I think making a profitable return on £443,687,656 is the primary purpose; the tracking (not necessarily of political opponents) would be seen as a bonus.

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 Post subject: Re: SPECS3
PostPosted: Thu Dec 10, 2009 21:30 
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bit late :wink:
viewtopic.php?f=5&t=19742


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 Post subject: Re: SPECS3
PostPosted: Thu Dec 10, 2009 23:29 
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Sorry to have missed the initial discussion. This here seems to show only recent 'Full' Home Office Approval 7th Dec 09, I suppose it needed a trial time period to 'prove' itself to the Home Office. Perhaps that explains the time gap, or ironing out errors.

Their current list of Installations Specs and Specs3 (I believe) - I did not have much luck in all their links to work ... ! e.g. Cambridgshire where one is to be installed. Bearing in mind the Cambridgeshire Police state that 70% of drivers speed -(here) where are ALL the accidents then?

I also think that the mental requirement to ensure that you never go over a specific speed and the need to ensure accuracy when the road conditions may present may variations of required behaviours is distracting and mentally tiring. All one defaults to doing is to drive even slower so that you ensure a correct average. Those that may have gadgets to show the precise method will simply wait behind those that do not, or those that have gone a bit too quick and are diving even slower. Minds when 'tired' get ever more distracted and attention levels drop. Driving at an approximate speed is not good enough when you have cameras about that require a precise accurate level.
Whilst local people may become used to this new style of driving (many will go (as they do now in many average camera enforced areas) as fast as they are allowed than appropriate to conditions), newcomers to the area/s may be far less familiar with this style of driving, so the flow will be disrupted, and continue to cause frustration as everyone jostles to find a progressive balance.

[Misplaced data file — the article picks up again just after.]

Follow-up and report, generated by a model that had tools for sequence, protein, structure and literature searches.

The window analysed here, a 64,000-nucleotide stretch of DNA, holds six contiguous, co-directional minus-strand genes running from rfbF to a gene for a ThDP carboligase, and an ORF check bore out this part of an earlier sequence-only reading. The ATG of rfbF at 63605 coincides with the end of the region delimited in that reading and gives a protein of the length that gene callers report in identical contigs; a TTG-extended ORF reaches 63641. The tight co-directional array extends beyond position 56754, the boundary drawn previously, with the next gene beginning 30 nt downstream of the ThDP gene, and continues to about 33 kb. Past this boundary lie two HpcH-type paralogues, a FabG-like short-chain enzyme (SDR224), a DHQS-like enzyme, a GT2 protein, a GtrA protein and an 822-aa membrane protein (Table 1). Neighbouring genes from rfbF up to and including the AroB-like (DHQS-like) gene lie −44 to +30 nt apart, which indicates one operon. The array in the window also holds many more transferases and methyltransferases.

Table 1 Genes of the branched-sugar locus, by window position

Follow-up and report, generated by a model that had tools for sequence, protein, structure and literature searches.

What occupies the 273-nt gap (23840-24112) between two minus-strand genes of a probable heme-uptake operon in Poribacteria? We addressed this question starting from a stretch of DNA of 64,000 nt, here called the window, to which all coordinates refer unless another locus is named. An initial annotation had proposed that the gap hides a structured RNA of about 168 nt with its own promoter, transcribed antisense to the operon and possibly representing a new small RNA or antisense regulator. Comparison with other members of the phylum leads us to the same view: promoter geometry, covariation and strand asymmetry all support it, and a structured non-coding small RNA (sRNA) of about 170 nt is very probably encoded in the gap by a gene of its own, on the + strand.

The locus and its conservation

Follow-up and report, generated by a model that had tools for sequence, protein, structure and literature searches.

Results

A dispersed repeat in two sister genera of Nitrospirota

People will make driving / riding mistakes and this will increase accidents ... all for a 3% 'speed' issue. And there is no allowance that there

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 Post subject: Re: SPECS3
PostPosted: Fri Dec 11, 2009 06:46 
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Quote:
whilst reducing congestion


Hmm, not sure about this. Since the SPECS cameras monitoring the A1 upgrade in N Yorks have been installed, the congestion has got considerable worse. This is especially noticable when joining this section at any point. Now, due to the power of speed cameras, the traffic is regularly bunched up and everyone seems so intent on maintaining the correct speed that the ususal pattern of brief accelleration and moving to the outside lane to allow traffic to merge in turn is all but abandoned. In my view at least, joining this section of road is now far more dangerous than before in terms of joining. It has been dangerous in the past, with several very serious accidents. However, the reduction in these in recent months is surely down to the closure of the majority of gaps and junctions rather than the reduced speed limit. A fact which will be ignored, I'm sure. come the release of official figures.


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 Post subject: Re: SPECS3
PostPosted: Fri Dec 11, 2009 19:45 
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Quote:
It is anticipated that SPECS3 will be operated in 20mph zones, rural routes, strategic trunk roads and Managed Motorway applications. In doing so, the cameras should ensure that the roads are safe, journeys are reliable, **** emissions are reduced **** and only a very few drivers will need to be penalized, which is ultimately the mark of an effective speed management tool.


I very much doubt that a 20 limit is going to have reduced emissions.

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 Post subject: Re: SPECS3
PostPosted: Sat Dec 12, 2009 06:26 
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Indeed - I would think taking a lot longer in some instances to traverse the section will increase journey times no end. The if some think that they are over the speed they will drive about within the zone waiting to an approximate time (probably way over) to leave.